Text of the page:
“This class has really contributed to my understanding of how anthropologists make sense of what they see in their research and how to create an ethnographic narrative through the use of anthropological theories. I’m going to miss the class discussions!”
“I appreciate her constructive criticism on papers and in class – she has a way of making you feel that you are understanding difficult material and then makes you think even deeper!”
“It taught me how to read, take apart, and analyze hard texts without using other sources.”
“Can’t wait to apply to practical, real-life situations.”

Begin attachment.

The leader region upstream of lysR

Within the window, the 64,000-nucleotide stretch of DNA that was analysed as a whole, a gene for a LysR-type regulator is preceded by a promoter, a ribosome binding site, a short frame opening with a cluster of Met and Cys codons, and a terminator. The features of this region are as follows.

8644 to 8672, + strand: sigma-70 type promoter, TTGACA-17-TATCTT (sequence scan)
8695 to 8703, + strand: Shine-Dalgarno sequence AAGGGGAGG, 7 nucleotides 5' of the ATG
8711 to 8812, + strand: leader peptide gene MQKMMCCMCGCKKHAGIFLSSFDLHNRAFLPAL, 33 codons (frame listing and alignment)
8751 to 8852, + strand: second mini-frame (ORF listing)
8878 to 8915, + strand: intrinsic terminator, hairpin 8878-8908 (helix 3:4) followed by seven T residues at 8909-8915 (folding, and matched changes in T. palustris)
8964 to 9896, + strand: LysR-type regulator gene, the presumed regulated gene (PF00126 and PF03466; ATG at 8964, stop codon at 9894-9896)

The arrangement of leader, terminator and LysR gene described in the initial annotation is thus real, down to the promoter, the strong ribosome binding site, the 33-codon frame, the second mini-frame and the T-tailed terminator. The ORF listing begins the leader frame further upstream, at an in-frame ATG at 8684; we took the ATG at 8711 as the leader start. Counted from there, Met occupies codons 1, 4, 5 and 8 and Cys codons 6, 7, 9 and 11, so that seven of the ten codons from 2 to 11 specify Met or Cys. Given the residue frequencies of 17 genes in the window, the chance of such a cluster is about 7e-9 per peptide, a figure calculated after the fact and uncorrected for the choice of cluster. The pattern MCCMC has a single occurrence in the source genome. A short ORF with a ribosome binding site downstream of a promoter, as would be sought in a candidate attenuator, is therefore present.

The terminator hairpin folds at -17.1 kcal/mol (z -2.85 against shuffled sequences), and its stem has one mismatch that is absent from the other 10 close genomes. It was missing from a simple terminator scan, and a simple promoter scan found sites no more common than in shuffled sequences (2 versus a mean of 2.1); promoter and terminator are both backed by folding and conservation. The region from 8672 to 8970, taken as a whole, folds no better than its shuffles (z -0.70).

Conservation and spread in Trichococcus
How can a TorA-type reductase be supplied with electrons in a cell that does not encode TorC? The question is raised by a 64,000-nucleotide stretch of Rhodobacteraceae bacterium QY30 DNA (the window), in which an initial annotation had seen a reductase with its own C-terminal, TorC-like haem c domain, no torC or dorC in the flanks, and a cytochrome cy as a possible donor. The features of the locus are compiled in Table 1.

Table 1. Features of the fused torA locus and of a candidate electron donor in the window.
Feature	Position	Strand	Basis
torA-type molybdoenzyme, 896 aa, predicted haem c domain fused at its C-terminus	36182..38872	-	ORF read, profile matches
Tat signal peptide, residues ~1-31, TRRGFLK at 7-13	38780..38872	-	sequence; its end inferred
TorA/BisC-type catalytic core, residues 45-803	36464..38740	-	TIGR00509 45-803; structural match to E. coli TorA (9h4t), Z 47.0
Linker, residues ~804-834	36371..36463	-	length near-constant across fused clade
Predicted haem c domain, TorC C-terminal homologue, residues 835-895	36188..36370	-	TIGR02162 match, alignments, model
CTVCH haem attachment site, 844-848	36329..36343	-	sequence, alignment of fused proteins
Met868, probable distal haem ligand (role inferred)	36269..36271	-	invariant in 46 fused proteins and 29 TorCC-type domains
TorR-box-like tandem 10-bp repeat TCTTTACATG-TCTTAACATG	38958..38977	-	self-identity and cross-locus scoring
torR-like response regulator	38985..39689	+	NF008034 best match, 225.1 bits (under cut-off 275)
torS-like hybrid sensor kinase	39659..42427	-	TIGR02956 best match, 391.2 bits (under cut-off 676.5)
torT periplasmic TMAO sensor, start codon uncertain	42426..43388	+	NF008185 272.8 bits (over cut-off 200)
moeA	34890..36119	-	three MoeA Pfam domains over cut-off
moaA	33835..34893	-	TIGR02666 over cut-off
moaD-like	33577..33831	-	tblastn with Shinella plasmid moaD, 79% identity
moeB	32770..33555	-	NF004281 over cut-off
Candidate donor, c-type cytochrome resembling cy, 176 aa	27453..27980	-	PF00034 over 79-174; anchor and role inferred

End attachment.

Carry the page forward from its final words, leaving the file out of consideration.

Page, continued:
– Anonymous course evaluations
This course reviews the major theoretical approaches that make anthropology unique among the social sciences. These approaches include evolution, functionalism, structuralism, interpretive and symbolic anthropology, political economy, and postmodernism. The course is organized chronologically in order to analyze the emergence and development of theories in their broader social, historical, and theoretical contexts. We focus on major figures in the field and specific schools of thought in order to better understand, compare, and critique the core theoretical orientations that undergird contemporary anthropological research. Because this is a writing intensive course, students will practice different kinds of writing across the semester to improve their fluency with written communication and learn to use writing as a tool for critical thinking.